Letter: Why Britain should be involved in action against Serbian tyranny

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The Independent Online
Sir: The comparison that Correlli Barnett makes (letter, 2 January) between the pre-1914 Balkan wars and the present conflict in the former Yugoslavia is a vintage example of the woolly thinking that he detested among those who advocate using the military resources of Nato to disarm a totalitarian regime that threatens the peace of all Europe (letter, 29 December).

Slobodan Milosevic's regime combines a lethal cocktail of neo- Communism and ultra-nationalism. He has already fought wars in three republics of the former Yugoslav federation (Slovenia, Croatia and Bosnia-Herzegovina) and all the available evidence suggests he is gearing up for further conflicts in Macedonia and Kosovo.

The pre-1914 Balkan wars were brief skirmishes over territory between the retreating Ottoman Turks and their Balkan opponents and then between several of the latter. They did not occasion the loss of life or destruction seen in 1991-92 and they lacked an architect such as Mr Milosevic, whose determination to export conflict beyond his Serbian fiefdom could bring Greece and Turkey, both members of Nato, into conflict.

It would indeed be ironic if a paranoid neo-Communist such as Mr Milosevic succeeded in busting open the alliance system that was created in 1940 to contain his like. Hitler divided the previous European security system in the Thirties before launching his own land grab. He was aided by those who insisted, as Mr Barnett does today, that Britain had no business in containing aggression in east-central Europe.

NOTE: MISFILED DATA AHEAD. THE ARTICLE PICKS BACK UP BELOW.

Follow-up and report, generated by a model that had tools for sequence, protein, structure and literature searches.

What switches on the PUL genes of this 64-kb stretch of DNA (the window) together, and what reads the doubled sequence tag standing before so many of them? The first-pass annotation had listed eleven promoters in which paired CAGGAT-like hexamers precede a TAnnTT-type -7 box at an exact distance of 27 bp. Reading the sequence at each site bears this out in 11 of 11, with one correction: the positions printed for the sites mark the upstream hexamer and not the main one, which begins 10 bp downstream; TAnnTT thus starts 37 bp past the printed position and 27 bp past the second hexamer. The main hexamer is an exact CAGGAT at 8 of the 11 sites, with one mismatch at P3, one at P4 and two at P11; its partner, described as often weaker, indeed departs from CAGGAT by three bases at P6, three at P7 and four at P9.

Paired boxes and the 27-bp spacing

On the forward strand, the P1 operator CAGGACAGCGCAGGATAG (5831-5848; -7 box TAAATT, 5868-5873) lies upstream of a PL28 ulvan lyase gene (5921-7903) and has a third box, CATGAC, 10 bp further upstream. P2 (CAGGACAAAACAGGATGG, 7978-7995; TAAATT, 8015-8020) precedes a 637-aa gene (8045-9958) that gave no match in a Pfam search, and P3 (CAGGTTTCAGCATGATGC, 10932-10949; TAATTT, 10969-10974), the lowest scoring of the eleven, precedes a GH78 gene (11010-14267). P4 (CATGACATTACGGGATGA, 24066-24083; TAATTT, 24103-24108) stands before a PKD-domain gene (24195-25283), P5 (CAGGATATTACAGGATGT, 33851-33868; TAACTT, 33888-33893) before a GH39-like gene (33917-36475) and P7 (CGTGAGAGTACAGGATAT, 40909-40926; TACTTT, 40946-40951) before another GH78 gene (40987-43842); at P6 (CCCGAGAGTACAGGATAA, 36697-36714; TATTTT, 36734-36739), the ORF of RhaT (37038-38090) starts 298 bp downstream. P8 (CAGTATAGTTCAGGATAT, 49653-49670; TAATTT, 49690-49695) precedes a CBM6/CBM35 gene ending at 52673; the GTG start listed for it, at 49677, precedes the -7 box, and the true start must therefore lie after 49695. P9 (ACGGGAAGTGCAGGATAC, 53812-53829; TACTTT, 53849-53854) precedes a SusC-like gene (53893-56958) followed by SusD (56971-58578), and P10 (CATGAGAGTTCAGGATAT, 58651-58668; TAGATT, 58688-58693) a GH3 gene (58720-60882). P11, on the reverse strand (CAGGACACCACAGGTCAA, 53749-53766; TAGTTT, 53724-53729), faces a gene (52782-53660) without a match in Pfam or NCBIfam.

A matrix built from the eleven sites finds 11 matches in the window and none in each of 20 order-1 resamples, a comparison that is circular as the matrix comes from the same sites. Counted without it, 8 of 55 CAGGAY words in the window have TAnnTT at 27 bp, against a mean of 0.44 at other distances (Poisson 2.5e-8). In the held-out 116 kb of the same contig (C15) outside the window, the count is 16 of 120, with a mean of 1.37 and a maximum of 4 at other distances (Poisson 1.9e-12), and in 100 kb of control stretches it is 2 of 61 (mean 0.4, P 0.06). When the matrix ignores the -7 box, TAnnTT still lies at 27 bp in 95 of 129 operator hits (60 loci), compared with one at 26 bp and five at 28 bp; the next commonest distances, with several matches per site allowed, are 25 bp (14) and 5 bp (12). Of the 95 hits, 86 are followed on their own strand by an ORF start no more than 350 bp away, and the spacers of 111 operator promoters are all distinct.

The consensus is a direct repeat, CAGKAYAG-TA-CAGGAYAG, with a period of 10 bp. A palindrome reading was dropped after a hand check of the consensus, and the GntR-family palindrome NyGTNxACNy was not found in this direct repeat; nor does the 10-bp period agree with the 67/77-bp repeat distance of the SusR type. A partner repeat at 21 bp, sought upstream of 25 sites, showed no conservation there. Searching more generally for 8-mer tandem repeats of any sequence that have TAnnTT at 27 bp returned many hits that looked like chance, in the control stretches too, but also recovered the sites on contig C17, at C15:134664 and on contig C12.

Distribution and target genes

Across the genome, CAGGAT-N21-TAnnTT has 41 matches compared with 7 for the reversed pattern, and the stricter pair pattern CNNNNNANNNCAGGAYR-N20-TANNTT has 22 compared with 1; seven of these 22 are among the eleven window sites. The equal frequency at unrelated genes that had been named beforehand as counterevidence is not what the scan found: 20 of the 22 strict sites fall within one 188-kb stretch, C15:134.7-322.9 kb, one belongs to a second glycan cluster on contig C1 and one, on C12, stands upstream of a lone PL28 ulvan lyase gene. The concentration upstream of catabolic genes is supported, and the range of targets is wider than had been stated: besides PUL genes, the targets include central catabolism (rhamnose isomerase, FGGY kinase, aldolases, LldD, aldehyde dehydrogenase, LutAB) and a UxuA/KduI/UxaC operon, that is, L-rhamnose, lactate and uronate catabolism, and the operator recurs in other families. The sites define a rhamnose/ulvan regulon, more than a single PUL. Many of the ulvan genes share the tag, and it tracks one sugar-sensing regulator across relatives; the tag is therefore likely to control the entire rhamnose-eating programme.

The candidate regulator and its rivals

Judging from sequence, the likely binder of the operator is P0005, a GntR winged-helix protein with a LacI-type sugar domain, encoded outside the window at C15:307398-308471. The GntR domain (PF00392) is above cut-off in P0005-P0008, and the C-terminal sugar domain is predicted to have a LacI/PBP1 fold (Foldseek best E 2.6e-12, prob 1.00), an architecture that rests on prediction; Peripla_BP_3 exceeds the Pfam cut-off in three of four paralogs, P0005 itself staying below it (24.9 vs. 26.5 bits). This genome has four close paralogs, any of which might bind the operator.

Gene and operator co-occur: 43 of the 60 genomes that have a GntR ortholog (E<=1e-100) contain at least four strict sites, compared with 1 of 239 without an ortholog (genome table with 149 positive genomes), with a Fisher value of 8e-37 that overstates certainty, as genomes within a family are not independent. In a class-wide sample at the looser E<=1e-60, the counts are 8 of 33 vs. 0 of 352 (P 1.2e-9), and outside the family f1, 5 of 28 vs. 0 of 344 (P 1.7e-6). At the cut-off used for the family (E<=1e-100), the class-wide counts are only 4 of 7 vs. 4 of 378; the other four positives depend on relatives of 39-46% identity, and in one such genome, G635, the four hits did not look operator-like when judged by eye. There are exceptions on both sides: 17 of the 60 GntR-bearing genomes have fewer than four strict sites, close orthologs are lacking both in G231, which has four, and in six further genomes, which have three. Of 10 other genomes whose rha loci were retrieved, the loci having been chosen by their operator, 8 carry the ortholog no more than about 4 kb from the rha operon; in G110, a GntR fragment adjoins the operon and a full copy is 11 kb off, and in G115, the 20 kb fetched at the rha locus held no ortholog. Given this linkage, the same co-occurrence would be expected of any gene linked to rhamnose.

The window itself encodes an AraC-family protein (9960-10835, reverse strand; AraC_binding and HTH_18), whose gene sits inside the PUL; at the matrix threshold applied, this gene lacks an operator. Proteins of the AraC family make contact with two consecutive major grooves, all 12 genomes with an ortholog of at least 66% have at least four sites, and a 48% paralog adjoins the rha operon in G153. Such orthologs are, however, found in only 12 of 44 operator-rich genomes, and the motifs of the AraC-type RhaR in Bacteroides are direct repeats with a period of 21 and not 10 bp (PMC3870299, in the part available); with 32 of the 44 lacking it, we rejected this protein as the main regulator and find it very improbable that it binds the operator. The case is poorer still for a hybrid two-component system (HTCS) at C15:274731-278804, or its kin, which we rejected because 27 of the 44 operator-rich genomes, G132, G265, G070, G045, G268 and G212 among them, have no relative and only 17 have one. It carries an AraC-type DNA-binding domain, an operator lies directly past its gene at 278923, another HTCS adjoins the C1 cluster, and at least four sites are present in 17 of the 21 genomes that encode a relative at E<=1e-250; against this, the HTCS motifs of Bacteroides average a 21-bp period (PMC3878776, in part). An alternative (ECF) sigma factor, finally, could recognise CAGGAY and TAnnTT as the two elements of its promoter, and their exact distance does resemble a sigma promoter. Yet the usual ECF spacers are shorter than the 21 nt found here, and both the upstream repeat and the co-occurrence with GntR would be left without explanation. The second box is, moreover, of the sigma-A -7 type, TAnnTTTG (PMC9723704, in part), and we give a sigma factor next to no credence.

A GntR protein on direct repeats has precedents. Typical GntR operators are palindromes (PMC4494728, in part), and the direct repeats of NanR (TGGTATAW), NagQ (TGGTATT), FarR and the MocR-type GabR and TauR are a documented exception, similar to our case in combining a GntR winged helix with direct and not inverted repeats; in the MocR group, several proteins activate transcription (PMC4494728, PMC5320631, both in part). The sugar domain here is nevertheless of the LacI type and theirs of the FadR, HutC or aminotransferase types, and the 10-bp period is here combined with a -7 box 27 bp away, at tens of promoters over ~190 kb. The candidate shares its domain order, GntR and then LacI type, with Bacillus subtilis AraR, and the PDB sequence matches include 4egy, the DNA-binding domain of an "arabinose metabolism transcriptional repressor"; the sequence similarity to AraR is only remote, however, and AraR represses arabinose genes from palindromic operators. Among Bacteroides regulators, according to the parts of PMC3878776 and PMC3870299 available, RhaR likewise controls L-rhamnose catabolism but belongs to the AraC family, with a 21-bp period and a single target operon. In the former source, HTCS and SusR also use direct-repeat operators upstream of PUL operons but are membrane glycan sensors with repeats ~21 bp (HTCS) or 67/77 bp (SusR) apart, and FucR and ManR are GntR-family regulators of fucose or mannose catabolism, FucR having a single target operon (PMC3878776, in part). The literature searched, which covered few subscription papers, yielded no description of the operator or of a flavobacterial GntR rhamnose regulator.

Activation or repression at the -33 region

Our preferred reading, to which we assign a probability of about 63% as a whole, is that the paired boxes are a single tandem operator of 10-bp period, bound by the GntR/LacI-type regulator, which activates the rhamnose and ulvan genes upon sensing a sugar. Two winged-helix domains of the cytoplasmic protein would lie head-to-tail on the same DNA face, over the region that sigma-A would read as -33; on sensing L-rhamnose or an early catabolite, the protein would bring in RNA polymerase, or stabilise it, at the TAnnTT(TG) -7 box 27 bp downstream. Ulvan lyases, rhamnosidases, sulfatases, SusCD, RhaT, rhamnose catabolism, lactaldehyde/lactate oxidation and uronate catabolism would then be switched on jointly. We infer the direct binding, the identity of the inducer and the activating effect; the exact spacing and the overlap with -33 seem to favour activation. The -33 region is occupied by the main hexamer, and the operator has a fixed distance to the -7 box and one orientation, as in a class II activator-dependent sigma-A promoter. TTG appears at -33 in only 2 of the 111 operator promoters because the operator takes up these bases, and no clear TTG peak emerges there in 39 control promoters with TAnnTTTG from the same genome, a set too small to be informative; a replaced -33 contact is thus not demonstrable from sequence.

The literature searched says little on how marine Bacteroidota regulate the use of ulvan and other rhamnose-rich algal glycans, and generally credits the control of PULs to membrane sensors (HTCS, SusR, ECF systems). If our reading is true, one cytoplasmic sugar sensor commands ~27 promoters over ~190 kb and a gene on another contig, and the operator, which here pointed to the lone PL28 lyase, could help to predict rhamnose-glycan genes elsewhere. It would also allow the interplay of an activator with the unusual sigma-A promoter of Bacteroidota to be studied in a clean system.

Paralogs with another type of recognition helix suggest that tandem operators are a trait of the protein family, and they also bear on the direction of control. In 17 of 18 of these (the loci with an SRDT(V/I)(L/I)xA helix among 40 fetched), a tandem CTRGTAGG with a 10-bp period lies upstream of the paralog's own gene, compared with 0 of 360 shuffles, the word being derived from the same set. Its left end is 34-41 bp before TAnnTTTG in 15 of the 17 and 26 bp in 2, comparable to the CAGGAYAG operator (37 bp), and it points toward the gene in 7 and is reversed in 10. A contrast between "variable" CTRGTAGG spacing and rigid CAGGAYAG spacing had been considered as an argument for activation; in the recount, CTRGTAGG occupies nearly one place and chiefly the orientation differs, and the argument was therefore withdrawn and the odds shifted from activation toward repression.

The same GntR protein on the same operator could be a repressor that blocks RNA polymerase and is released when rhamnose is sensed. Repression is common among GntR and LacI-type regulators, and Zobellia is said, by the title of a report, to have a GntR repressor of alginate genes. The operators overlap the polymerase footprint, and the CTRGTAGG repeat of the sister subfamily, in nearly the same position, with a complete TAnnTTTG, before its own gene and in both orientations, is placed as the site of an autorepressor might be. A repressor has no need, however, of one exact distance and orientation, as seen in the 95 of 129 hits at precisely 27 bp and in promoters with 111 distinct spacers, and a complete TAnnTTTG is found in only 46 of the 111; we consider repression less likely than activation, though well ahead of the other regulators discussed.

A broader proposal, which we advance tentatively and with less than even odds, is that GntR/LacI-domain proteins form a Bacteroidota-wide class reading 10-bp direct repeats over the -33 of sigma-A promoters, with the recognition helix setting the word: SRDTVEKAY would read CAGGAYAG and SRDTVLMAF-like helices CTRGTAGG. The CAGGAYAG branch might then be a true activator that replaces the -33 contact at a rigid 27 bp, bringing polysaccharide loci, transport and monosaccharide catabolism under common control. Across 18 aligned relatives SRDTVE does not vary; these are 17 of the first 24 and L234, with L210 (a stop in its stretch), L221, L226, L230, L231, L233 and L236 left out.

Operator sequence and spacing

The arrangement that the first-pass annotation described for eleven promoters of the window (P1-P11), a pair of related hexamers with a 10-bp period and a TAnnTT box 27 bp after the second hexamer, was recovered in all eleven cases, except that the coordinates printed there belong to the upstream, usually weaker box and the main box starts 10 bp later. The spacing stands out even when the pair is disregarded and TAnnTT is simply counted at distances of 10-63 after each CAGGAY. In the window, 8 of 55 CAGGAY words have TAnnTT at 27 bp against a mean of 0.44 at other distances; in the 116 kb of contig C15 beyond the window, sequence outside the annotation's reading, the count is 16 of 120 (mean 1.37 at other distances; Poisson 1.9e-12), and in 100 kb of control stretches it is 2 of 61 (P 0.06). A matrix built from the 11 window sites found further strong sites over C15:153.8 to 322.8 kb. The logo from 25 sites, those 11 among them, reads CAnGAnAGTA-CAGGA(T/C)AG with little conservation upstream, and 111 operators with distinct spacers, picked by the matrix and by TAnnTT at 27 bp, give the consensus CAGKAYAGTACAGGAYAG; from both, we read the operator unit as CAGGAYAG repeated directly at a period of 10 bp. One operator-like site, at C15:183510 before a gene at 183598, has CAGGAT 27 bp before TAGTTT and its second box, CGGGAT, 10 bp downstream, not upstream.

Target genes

Many historians agree that firm co-ordinated action by Britain and France in 1936, when Hitler prepared to occupy the Rhineland, could have stopped him. Europe may have reached the same crossroads in dealing with Mr Milosevic. Like Hitler's in 1936, Mr Milosevic's forces are still relatively puny, but the prospect of forming an alliance with a Russia slipping into the hands of Slavophile nationalists may transform him into the kind of crusading zealot ready to spread the war and suffering wherever he can.

Mr Barnett rejoices in a Britain that keeps its armies at home, as in the day of Sir Robert Walpole. But the lesson of misconceived isolationism is surely that tyranny and aggression exact a greater price in military lives the longer they are allowed to proliferate by insular democrats who only delude themselves if they believe they can indefinitely live with the consequences of a Europe shaped by the likes of Slobodan Milosevic.

Yours faithfully,


Department of Peace Studies

University of Bradford

2 January